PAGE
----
Working Woman: Local non-profit reaches out to homeless female veterans

(WJLA) - Today, Jaspen Boothe – also known as Jas – is going through clothes that will go to female veterans trying to get back in the work force.

Boothe’s story begins in 2005, when she was about to be deployed to Iraq. In a devastating one-two punch, she lost everything in Hurricane Katrina, and then was diagnosed with cancer.

She was medically discharged from the Army, and suddenly left homeless.

“It didn't seem fair," she said. "We've given just as much as our brothers and when we come back home and need that support, Americans should be just as willing to give us that support.”

Boothe was shocked that while she felt male veterans has many services available to them, there were no programs for female vets with children.

“This is the fastest growing segment of the homeless population in the United States -- it is a national epidemic," she said.

Boothe eventually joined the Army National Guard, and is now married with two sons. After her experience, she is determined to help homeless female veterans with her non-profit called “Final Salute,” which now has three transitional homes – including this one in Alexandria. It’s the only non-profit like it in the D.C. area.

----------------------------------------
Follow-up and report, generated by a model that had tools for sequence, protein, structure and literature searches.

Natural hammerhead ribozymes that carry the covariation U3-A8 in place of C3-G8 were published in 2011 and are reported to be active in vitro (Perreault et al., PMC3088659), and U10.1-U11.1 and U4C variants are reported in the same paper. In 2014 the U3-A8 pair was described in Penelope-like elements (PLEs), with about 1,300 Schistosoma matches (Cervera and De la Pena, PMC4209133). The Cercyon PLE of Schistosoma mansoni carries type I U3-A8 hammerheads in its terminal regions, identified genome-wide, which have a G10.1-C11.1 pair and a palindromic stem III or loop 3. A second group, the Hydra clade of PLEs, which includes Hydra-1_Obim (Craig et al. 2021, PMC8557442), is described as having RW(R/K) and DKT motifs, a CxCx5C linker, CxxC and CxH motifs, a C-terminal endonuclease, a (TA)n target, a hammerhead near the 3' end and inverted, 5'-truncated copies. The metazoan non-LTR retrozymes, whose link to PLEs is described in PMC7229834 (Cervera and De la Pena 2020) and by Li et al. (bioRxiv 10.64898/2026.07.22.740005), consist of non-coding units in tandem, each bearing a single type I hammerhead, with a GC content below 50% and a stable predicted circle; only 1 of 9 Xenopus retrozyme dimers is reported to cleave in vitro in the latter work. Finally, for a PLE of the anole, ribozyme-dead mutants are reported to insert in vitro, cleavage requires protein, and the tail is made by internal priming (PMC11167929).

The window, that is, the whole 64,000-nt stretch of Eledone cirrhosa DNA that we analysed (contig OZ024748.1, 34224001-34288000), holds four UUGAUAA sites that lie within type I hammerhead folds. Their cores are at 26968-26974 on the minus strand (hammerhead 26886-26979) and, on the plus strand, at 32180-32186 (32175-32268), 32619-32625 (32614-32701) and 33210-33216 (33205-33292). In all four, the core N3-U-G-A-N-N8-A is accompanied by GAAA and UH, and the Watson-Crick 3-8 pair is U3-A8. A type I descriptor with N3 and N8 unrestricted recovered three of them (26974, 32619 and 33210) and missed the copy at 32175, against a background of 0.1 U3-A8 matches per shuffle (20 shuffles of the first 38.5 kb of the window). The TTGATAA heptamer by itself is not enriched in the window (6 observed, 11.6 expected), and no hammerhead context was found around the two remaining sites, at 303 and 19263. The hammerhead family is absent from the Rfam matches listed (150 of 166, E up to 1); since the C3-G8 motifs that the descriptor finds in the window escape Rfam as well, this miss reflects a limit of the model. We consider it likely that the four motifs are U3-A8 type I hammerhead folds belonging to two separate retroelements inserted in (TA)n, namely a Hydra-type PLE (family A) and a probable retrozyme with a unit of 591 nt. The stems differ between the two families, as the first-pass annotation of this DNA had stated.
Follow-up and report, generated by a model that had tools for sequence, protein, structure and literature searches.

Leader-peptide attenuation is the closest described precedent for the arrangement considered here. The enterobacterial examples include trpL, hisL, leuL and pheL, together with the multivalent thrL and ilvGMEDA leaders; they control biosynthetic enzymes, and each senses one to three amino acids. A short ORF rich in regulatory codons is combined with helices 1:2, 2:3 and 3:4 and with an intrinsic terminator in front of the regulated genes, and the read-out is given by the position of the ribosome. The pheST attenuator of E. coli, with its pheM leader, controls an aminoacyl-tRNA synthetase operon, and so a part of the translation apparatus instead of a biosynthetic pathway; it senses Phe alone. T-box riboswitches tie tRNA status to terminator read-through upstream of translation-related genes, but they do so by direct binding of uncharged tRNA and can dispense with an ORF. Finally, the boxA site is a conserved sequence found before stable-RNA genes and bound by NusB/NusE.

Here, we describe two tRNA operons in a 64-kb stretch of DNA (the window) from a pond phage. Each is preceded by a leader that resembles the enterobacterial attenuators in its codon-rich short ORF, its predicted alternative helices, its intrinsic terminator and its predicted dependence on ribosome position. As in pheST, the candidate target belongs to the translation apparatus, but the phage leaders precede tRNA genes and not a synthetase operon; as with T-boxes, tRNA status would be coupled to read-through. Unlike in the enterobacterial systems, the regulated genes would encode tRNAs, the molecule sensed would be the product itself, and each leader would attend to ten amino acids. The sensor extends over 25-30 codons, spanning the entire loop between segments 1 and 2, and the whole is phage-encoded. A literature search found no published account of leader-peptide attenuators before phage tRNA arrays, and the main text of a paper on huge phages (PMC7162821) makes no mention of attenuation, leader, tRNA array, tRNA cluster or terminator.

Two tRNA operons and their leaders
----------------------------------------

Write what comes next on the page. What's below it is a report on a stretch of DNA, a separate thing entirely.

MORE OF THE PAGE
“I want them to get back to being proud and feeling honored and feeling like it's their country that supports and cares about them," Boothe explains.

“Final Salute” has helped nearly 200 women and families, but Boothe says that in some ways, she is merely putting a Band-Aid on a nationwide issue:

“As a service member or veteran, when life hits you, America should be able to help pick you up. You are in a combat zone. It does not matter what your job is or what your gender is. -- an IED does not discriminate."

The non-profit is hosting “Stand Up for Women Vets” on May 10 to offer clothing, makeovers, and pampering for female veterans.